Most blockchain protocols like Ethereum, cryptocurrency wallets and solutions are publicly accessible as open-source software on repositories such as Github, on which developers can freely suggest additions, changes, and improvements.

However, over the past year, some companies including Chain and BitFi along with major conglomerates have started to patent blockchain-related solutions with the intent of attacking open source software developers that have contributed to the blockchain space for over nine years, without any incentive or compensation to improve the infrastructure of the cryptocurrency industry.

Antivirus pioneer John McAfee’s cryptocurrency wallet has been hacked again by security researchers. McAfee announced a partnership with Bit in late July to promote the security of that company’s cryptocurrency wallet. However, it seems that Bitfi was prematurely confident about the security of its digital wallet, as hackers have been able to penetrate the McAfee Bitfi account numerous times. In the latest hack, researchers were able to send signed transactions with the wallet despite Biti's security mechanisms.

After completing the hack, researchers are confident that they have fulfilled the requirements needed to claim the $100,000 bug bounty prize announced by McAfee. “For all you naysayers who claim that ‘nothing is unhackable’ & who don’t believe that my Bitfi wallet is truly the world’s first unhackable device, a $100,000 bounty goes to anyone who can hack it,” McAfee tweeted in July. The bug bounty required hackers to demonstrate that they’re able to modify the device, connect to Biti's servers, and send data from the device.

Researchers were able to gain root access to the device two weeks ago, and they have confirmed that the device was still connected to Biti's servers. To fulfil the last requirement, security researcher Andrew Tierney confirmed that he was able to send the device’s private keys and passphrase to a remote server, The next web reported.

The latest hack on McAfee’s Bites wallet comes within days after 15-year-old Saleem Rashid demonstrated that he was able to crack the wallet to play Doom on the device. In that attempt, even though Rashid was able to hack the wallet, he was not able to access the cryptocurrency that was stored in McAfee’s account. McAfee had downplayed Rashid’s hack in a tweet, noting: “A video played on your Bitfi wallet has nothing to do with the safety of your funds. This is amateur hour, not a hack!” McAfee has not offered any comment about the most recent hack conducted by Tierney.

The controversy around BitFi intensified when several developers claimed to have gained root access of a BitFi device, which the company touted as an unhackable piece of software and hardware.

The BitFi team responded to the claims with an argument that the hackers weren’t able to steal funds from the BitFi device, but as a non-custodial hardware wallet, stealing user funds is not possible, and obtaining root access can, by definition, be considered as a successful hacking attempt.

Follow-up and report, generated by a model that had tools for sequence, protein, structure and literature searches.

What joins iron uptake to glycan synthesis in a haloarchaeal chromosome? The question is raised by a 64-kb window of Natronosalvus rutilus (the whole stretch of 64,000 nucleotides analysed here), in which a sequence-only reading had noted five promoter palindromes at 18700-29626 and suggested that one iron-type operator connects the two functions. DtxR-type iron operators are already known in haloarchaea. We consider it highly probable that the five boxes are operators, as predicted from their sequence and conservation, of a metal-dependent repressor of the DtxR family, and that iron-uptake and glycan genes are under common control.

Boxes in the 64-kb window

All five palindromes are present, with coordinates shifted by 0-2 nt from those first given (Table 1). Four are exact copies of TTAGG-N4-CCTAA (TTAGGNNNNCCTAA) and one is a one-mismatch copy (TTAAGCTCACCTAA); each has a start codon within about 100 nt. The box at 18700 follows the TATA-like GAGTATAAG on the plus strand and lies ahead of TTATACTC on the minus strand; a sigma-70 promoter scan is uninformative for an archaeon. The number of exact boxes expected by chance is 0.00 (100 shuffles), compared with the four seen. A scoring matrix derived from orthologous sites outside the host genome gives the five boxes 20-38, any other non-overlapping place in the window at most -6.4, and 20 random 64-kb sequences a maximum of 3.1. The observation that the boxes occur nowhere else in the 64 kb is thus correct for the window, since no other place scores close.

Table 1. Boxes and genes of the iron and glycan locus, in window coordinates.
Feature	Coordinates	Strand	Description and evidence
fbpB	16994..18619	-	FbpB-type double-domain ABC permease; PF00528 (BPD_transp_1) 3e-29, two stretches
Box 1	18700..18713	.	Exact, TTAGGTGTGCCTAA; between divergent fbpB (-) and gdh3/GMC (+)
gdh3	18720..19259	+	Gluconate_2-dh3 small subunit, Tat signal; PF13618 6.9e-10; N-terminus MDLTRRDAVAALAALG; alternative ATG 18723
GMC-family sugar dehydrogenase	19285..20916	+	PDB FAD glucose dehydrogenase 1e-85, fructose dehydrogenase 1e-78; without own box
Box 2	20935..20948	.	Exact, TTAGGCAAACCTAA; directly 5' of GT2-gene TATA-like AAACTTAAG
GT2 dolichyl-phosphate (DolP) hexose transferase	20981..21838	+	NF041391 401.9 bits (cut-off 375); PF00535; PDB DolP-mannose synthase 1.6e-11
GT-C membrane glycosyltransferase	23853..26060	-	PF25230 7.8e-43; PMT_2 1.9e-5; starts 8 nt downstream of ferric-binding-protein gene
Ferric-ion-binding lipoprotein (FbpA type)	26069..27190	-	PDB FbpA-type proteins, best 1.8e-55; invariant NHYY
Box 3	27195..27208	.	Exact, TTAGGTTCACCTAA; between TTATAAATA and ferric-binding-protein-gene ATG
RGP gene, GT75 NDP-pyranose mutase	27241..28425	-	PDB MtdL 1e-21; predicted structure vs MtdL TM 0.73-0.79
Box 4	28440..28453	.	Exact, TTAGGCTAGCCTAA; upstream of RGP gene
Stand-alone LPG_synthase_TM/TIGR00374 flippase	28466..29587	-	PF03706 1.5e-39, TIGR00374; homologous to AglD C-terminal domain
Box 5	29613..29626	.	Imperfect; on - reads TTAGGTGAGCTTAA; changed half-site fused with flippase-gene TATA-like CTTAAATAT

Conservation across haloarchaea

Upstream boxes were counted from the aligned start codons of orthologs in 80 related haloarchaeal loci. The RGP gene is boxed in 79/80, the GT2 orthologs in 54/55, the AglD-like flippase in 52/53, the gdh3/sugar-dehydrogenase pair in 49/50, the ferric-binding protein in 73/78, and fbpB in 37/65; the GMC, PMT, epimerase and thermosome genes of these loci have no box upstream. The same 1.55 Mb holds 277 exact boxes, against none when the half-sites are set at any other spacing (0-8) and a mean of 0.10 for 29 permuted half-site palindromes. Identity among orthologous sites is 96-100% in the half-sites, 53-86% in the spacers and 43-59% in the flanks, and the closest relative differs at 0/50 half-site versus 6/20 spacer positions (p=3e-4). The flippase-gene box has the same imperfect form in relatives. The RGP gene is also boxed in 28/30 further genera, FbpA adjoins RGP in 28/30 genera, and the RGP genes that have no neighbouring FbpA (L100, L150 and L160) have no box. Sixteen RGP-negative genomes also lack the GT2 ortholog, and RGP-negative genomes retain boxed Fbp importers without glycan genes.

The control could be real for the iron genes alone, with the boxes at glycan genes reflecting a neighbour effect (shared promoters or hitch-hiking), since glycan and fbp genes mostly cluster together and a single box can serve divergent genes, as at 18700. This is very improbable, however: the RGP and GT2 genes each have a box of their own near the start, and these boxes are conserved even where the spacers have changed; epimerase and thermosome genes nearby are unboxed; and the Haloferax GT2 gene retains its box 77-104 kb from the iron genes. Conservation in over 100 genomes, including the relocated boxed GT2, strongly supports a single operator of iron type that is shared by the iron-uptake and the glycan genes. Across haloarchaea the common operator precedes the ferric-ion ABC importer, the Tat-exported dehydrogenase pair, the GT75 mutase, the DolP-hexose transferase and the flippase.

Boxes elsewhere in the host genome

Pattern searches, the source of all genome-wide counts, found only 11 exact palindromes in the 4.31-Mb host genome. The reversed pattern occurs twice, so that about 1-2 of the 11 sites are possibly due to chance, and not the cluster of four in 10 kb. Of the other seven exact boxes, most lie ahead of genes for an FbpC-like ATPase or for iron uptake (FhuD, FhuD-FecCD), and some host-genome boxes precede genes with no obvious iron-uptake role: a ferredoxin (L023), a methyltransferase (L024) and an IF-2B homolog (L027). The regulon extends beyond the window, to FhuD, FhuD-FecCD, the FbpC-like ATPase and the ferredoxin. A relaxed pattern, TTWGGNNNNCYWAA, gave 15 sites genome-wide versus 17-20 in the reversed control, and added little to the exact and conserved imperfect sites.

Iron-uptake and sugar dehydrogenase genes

The issue with BitFi is that while it claimed it is unhackable because it does not store any data by providing its users complete authority and control over their sensitive financial information such as the private key of a wallet, every other hardware wallet in the cryptocurrency sector including Trezor, KeepKey, and Ledger also do not store user information and by the definition of the BitFi team, are also unhackable. The BitFi team said:

Hence, if the BitFi team’s logic behind its unhackable claims is that its device cannot be breached into because it does not hold any user information, then every other hardware wallet in the cryptocurrency sector can make the same claim, which eliminates the supposed advantage BitFi has over existing competitors in the space.

John McAfee, who has been the front man for BitFi since its launch earlier this year, released a series of statements defending BitFi and the hacking attacks one of its devices experienced on August 2.

McAfee echoed a similar sentiment as the BitFi team, claiming that the device was not hacked because the hacker could not steal funds from the device, adding that until a hacker steals funds from the BitFi device, the company has the right to claim it is unhackable.

As a non-custodial wallet, BitFi may be secure and have a strong development team, but, its marketing tactics led the cryptocurrency community to turn against the hardware wallet manufacturer, as it continued issue claims about the nature of the security of its wallet and attack its competitors in the space with patents, which disregard the philosophy of open-source development in the blockchain industry.

Author Bio:

Anna Martin is an Expert Essay Writer. As a writer, she has written web content, press, releases, video scripts, threads, guest posts, blog posts, and articles. She enjoys writing blog posts the most.

Views: 25

Add a Comment

You need to be a member of MyEnglishClub to add comments!

Join MyEnglishClub

© 2019   Created by Joe Essberger.   Powered by

Badges  |  Report Member  |  Terms of Service